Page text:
The Ghost Writer (Sky Movies Greats, Sky 022, 8.30pm). This seemingly straightforward thriller, about a ghostwriter who gets more than he bargained for when he assists with the memoirs of a former UK Prime Minister, has more strings attached than a concert harp. First, it’s based on the book by disillusioned BBC reporter Robert Harris (not the coffee-shop one) who supported Tony Blair until the Iraq War. There are glaring similarities between this film’s Adam Lang (Pierce Brosnan) and Blair, and implied nods to Bill Clinton, Benazir Bhutto and a handful of First Ladies. The fact that director Roman Polanski was thrown into a Swiss prison before post-production was completed only adds to the intrigue. (The US authorities finally caught up with him to press charges relating to an alleged statutory rape in 1977.) Quipped Brosnan: “The movie’s in the can. He’s in the can.” But is it a good film? Well, yes, thanks largely to good work by Polanski, a decent screenplay (by Harris) and the charms and talents of Ewan McGregor as “the ghost”. Makes freelance writing look pretty exciting, all right. (2010) 4/5

The Waterboy (TV2, 9.00pm). Soggy, stupid Sandler. (1998) 2/5


Bob Marley – Freedom Road (Maori, 8.30pm). Let’s not forget that our Waitangi Day is also Bob Marley’s birthday: the Rasta man would have been 68 this time around. Here’s an infuriatingly short documentary about his life that includes never-seen footage of his early life and comment by people who knew him, including Mojo magazine editor Kris Needs and Jamaican-born actor and film-maker Esther Anderson, who was Marley’s long-term girlfriend. She went on to write, produce and direct Bob Marley: The Making of a Legend in 2011. Even better, try Kevin Macdonald’s 2012 doco Marley for the dope on this legend-making musician. (2007) 3/5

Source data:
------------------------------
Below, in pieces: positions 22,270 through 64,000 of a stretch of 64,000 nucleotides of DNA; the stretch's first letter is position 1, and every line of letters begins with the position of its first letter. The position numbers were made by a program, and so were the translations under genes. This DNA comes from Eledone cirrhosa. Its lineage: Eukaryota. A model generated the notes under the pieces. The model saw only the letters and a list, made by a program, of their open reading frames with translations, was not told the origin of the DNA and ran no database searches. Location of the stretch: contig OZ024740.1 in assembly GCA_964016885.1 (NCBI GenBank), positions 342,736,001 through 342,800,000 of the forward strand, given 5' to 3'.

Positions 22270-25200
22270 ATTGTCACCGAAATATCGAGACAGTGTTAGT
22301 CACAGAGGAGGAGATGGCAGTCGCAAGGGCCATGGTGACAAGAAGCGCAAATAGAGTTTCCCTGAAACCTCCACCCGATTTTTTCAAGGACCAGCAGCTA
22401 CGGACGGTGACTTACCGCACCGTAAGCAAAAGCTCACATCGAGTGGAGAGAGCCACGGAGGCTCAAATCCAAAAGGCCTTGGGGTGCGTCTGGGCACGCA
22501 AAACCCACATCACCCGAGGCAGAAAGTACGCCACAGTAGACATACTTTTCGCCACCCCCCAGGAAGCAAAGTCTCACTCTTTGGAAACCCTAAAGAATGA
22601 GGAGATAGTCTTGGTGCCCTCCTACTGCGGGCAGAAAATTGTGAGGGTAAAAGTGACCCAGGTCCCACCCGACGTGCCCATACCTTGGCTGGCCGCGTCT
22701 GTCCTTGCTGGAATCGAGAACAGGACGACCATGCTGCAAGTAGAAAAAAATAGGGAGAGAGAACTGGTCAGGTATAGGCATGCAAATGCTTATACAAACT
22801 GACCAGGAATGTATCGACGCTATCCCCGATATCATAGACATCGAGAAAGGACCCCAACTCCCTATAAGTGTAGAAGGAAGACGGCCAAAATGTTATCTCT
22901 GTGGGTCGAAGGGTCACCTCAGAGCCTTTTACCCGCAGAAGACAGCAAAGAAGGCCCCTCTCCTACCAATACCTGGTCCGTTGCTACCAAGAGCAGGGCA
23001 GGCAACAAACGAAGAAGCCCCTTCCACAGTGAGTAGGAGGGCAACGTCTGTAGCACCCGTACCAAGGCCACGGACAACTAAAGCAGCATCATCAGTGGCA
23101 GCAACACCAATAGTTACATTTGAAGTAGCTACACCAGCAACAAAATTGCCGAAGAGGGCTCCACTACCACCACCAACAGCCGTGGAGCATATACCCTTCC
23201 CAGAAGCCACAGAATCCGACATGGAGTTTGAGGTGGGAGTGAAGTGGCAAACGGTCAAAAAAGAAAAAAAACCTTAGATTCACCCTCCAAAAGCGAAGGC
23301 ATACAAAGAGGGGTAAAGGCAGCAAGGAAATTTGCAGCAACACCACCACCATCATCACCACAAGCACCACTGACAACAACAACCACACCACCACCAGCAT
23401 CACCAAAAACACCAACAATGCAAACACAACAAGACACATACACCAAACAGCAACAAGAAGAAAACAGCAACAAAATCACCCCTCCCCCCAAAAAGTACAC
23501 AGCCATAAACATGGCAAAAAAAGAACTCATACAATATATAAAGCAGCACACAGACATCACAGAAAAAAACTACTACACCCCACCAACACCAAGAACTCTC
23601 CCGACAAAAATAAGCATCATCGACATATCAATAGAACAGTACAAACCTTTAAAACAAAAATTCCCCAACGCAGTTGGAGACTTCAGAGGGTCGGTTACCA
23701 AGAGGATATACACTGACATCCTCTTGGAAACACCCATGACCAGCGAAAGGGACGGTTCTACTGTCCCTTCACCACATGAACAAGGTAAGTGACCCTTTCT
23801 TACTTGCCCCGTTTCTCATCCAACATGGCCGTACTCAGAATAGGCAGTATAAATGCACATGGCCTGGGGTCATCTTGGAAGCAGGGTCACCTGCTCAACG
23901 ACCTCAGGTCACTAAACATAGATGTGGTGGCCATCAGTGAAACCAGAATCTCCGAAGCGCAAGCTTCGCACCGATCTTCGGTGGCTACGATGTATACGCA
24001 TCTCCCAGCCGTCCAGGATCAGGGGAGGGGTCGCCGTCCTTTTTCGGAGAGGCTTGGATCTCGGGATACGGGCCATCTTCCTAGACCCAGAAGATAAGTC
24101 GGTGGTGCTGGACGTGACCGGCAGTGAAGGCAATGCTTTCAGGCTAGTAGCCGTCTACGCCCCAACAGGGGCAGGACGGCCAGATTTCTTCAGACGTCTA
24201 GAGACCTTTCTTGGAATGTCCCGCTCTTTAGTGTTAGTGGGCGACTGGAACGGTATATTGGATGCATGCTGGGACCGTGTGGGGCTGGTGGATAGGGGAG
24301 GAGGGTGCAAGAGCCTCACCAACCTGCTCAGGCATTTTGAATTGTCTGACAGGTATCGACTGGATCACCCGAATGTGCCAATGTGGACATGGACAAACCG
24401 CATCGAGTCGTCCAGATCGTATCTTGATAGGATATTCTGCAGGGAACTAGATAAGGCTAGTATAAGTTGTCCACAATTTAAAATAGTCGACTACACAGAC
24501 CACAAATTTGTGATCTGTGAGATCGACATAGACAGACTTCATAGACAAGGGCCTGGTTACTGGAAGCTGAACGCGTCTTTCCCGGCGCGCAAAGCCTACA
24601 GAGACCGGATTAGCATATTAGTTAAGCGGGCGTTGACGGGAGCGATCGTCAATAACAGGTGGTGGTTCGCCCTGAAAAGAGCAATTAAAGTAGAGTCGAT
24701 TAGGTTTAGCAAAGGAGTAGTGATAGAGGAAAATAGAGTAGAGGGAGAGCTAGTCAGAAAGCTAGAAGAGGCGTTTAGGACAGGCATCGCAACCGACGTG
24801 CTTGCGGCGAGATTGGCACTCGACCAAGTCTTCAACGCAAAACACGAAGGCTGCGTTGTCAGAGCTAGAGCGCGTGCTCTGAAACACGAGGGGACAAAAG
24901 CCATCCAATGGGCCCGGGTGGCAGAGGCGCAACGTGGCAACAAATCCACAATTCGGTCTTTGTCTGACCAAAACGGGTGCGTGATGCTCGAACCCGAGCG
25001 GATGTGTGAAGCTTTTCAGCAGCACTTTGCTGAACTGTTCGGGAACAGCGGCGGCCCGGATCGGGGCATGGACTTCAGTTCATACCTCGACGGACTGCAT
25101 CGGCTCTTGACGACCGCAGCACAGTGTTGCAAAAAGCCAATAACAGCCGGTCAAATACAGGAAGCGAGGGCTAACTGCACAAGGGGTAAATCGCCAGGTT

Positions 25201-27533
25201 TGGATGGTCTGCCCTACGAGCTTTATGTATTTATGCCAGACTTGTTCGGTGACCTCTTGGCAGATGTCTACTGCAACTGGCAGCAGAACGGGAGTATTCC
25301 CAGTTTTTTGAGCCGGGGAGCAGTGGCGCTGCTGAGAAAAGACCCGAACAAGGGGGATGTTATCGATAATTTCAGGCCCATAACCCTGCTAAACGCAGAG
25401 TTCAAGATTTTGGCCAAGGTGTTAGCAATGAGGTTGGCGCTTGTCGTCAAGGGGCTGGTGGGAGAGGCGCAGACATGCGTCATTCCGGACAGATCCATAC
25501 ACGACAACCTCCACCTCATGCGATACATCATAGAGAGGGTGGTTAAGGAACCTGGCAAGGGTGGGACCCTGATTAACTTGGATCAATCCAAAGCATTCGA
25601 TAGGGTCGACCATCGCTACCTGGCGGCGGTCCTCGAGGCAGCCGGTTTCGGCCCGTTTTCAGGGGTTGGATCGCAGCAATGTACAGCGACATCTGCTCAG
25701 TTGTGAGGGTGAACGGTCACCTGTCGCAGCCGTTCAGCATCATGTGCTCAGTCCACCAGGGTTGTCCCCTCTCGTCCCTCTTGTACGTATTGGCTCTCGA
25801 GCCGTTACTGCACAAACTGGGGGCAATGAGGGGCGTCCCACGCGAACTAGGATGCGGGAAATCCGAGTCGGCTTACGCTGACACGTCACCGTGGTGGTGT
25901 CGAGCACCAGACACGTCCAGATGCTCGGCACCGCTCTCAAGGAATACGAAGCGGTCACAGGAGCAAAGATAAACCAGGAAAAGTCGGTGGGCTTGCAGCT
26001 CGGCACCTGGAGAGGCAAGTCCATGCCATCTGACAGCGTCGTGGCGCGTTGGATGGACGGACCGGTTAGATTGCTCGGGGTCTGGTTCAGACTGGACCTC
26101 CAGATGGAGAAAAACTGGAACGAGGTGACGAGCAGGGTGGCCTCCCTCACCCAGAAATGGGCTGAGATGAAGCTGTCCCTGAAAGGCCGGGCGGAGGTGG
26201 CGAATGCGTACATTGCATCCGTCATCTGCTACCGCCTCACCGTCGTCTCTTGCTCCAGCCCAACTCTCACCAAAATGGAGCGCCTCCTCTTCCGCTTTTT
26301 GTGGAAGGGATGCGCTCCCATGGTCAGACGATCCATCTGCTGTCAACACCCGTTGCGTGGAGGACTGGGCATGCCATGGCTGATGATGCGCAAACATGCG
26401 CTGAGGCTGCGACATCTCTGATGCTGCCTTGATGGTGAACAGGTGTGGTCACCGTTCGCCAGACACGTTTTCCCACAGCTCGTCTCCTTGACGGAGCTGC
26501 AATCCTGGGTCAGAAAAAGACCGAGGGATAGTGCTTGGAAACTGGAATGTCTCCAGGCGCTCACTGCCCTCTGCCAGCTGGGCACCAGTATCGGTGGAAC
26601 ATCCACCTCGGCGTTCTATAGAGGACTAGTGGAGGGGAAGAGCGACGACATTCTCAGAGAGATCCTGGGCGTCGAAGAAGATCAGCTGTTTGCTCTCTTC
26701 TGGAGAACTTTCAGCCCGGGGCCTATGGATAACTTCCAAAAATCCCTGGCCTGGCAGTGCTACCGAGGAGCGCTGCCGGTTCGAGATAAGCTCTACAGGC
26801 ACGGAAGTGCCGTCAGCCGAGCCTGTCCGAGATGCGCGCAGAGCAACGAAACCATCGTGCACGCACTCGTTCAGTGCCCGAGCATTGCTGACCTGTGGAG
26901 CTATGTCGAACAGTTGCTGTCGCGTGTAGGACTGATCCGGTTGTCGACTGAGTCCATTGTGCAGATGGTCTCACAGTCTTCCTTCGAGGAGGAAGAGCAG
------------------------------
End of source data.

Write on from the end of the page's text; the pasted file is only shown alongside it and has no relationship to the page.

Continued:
Resident Evil (Prime, 9.30pm). When good spellchecks go bad: a sea grit excrement, a diddly virus, a fetal piss-take. Baste on the mildly pustular video lame series, President Weevil is an action-pocked filler startling Killa Locowitch (The Fifth Elephant), Me Shell Rodriguez (The Past and the Spurious) and Eric Maybe Us (Gruel Inventions) in a bottle of food and weevil, vermin nurses commuter, the loving against the Unwed. Okay as video games-to-movies go, the thing that’s lost in translation is that this had its origins in a reality-avoidance vehicle for dark-loving geeks who revel in the destruction they can wreak themselves and who secretly admire the zombies they kill in the game. Toxic. (2002) 2.5/5


We’re Not Broke (Rialto, Sky 025, 8.30pm). A provocative documentary about a serious game of hide and seek: the US Government is trying – but not hard enough – to tie down over a trillion dollars sheltered from the tax department by multi-billion-dollar companies such as Exxon, Google and the Bank of America. Six fed-up citizens take their frustrations to the streets to get the word out. Nominated for the Grand Jury Prize at last year’s Sundance Film Festival. (2012) 3.5/5


Scott Pilgrim vs. the World
Scott Pilgrim vs. the World, Friday

Scott Pilgrim vs. the World (Four, 8.30pm). Michael Cera – nerd hero – had us believing in Juno and he’s back with this endearing action-comedy-fantasy directed by Englishman Edgar Wright (Shaun of the Dead, Hot Fuzz) based on Bryan Lee O’Malley’s comic-book series. Cera is kind of like the german shepherd you wanted but the chihuahua you got: still a devoted pet, but you feel a bit embarrassed liking him. Here he’s a geek with surprising abilities when it comes to defeating the seven evil exes of the girl of his dreams (Mary Elizabeth Winstead). Smart, funny and very underdog-affirming. (2010) 4/5